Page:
• Online jobs listings. There are now, with perhaps only a small exaggeration, nearly as many online lists of job vacancies as there are vacancies themselves. They have become a popular way of raising advertising revenue and are regularly promoted through social media. Many need to be treated with caution however, as they are as keen to entice users to click on their external advertisements and links as they are for them to click on their actual job vacancy advertisements. They can also frustrate the user as they are tempted on to the site with the promise of perfect local jobs, the vast majority of which turn out to be telesales in Peterborough.

  • Website. As we all by now know, our website is an incredibly useful tool for all sorts of marketing and dissemination. For recruitment, the website is the ideal place to make available all the documentation and information prospective candidates need. They can also be the place where applications are registered and forms are completed. However, they are only the information source, promotion to get people to that website is far more important.

  • LinkedIn. This massive database of people marketing themselves — presenting their online CV in effect — is rarely used by recruiters other than to check a person is who they say they are. Potentially, we could ask people to apply by simply sharing their LinkedIn profile.

Applying for jobs online makes the process very easy for the recruiter. All the information, in the format requested and completely standardised is immediately available to the recruiter and can easily be forwarded to all members of the recruiting team. The one drawback is that only those people who are au fait with computers and working online will excel at the task of applying when these may be skills that are not needed at all in the posts being offered. Any recruitment that only allows for online recruitment is potentially excluding the small but significant proportion of people who do not have those skills or who do not have access to the internet. It is interesting to note, for example, the growing number of people with smart phones who can access social media but who cannot read documents or make online applications.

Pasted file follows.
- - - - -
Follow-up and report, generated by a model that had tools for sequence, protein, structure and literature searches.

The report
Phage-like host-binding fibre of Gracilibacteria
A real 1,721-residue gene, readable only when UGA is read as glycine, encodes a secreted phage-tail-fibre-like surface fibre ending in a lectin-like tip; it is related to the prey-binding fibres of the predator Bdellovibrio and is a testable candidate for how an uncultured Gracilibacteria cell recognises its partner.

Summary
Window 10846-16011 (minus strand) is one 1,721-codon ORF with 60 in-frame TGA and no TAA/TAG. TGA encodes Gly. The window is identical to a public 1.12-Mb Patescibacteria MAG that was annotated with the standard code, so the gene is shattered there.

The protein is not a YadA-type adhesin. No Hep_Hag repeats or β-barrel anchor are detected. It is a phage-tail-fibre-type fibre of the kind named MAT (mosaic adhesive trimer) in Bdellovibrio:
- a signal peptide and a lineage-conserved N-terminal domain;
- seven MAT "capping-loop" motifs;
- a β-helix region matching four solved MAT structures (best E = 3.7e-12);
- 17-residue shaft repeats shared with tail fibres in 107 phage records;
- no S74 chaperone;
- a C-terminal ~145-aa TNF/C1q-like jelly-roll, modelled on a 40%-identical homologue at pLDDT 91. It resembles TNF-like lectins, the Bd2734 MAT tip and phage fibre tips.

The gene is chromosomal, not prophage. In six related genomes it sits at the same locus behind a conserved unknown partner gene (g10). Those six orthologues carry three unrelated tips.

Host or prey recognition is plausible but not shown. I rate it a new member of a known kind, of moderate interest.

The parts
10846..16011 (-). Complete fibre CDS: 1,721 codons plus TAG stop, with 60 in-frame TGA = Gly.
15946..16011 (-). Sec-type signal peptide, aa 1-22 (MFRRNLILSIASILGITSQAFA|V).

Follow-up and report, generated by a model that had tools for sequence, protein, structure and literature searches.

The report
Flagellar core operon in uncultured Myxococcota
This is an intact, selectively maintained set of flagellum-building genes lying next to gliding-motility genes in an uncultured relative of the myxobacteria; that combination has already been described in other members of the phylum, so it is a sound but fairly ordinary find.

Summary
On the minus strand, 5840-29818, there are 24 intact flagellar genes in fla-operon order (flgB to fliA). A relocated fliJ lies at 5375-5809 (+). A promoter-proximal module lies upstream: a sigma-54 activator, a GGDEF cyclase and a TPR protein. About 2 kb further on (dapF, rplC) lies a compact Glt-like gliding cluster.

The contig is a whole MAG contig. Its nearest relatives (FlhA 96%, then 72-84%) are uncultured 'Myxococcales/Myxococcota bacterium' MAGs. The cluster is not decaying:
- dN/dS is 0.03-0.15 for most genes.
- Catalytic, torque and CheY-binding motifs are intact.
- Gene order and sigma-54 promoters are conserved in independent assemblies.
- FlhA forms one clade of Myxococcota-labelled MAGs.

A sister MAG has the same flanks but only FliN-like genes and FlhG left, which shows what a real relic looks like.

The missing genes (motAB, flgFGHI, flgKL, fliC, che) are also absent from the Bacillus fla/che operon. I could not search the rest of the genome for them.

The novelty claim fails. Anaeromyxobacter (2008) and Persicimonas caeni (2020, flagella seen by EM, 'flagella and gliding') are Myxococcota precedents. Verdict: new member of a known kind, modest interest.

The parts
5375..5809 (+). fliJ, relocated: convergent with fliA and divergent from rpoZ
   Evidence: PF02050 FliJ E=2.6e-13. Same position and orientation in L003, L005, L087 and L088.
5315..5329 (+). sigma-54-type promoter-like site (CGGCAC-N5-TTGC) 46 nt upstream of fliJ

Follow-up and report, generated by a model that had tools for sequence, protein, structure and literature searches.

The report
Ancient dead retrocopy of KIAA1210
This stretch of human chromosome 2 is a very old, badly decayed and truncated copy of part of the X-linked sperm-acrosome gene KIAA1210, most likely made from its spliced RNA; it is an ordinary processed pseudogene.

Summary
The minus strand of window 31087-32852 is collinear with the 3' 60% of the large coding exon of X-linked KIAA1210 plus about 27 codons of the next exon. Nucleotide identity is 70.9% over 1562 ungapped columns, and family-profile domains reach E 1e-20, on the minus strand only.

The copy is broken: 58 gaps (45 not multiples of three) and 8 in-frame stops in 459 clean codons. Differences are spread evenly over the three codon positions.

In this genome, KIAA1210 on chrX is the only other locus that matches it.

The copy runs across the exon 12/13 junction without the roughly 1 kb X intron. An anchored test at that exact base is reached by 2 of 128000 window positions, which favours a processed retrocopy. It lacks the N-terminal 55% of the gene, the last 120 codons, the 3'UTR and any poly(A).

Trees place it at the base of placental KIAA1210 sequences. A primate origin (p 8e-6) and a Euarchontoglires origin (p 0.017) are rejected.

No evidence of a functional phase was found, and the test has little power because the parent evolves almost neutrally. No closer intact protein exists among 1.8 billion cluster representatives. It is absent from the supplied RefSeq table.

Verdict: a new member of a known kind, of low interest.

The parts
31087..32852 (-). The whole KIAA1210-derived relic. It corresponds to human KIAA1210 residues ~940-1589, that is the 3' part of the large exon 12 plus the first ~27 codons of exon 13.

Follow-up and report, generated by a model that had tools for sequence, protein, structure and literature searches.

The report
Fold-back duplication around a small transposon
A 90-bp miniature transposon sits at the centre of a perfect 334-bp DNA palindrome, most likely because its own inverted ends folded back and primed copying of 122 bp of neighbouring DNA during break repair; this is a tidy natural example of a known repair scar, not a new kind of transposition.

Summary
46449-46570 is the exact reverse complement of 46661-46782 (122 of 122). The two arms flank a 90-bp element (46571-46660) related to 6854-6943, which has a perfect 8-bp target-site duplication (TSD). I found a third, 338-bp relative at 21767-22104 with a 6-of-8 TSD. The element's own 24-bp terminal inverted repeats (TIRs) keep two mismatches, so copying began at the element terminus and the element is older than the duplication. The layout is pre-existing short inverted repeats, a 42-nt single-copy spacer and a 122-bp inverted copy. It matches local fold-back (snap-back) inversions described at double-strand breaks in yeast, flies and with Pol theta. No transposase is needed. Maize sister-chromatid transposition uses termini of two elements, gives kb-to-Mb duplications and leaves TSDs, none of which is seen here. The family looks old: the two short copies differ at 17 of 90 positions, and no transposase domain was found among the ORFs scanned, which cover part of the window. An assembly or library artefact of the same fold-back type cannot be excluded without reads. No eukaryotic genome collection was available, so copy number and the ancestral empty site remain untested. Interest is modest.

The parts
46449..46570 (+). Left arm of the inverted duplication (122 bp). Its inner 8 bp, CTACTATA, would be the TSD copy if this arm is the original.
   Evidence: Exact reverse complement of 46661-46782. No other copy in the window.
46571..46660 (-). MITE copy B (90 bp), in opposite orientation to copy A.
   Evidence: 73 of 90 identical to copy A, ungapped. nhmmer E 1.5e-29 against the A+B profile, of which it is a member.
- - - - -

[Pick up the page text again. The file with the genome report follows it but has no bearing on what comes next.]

One problem that is becoming common is those recruiters who, through a very successful social media campaign end up with far more applicants than they were expecting. It is important to plan ahead and know what to do if this is the case.

For many of us, however, we have greater expectations of social media uses in recruitment than we see in practice, largely because of a lack of infrastructure in terms of the numbers of followers, a lack of linkages with appropriate and helpful organisations who can promote our vacancies and the smoothness of the links to our application process. In effect, while our potential applicants are clamouring to be able to use social media for the whole recruitment process, we are still treating social media campaigns like the newspaper advertisements of old — place the advert and hope for the best.

Potentially, recruitment is now much cheaper to carry out, and our ability to reach a far wider range of people is now, literally, at our finger tips. However, it is not enough to rely solely on online methods without a pre-existing mature social media profile twinned with more traditional methods — such as media advertising and recruitment agencies — to ensure genuine diversity of approach.

Last reviewed 28 August 2019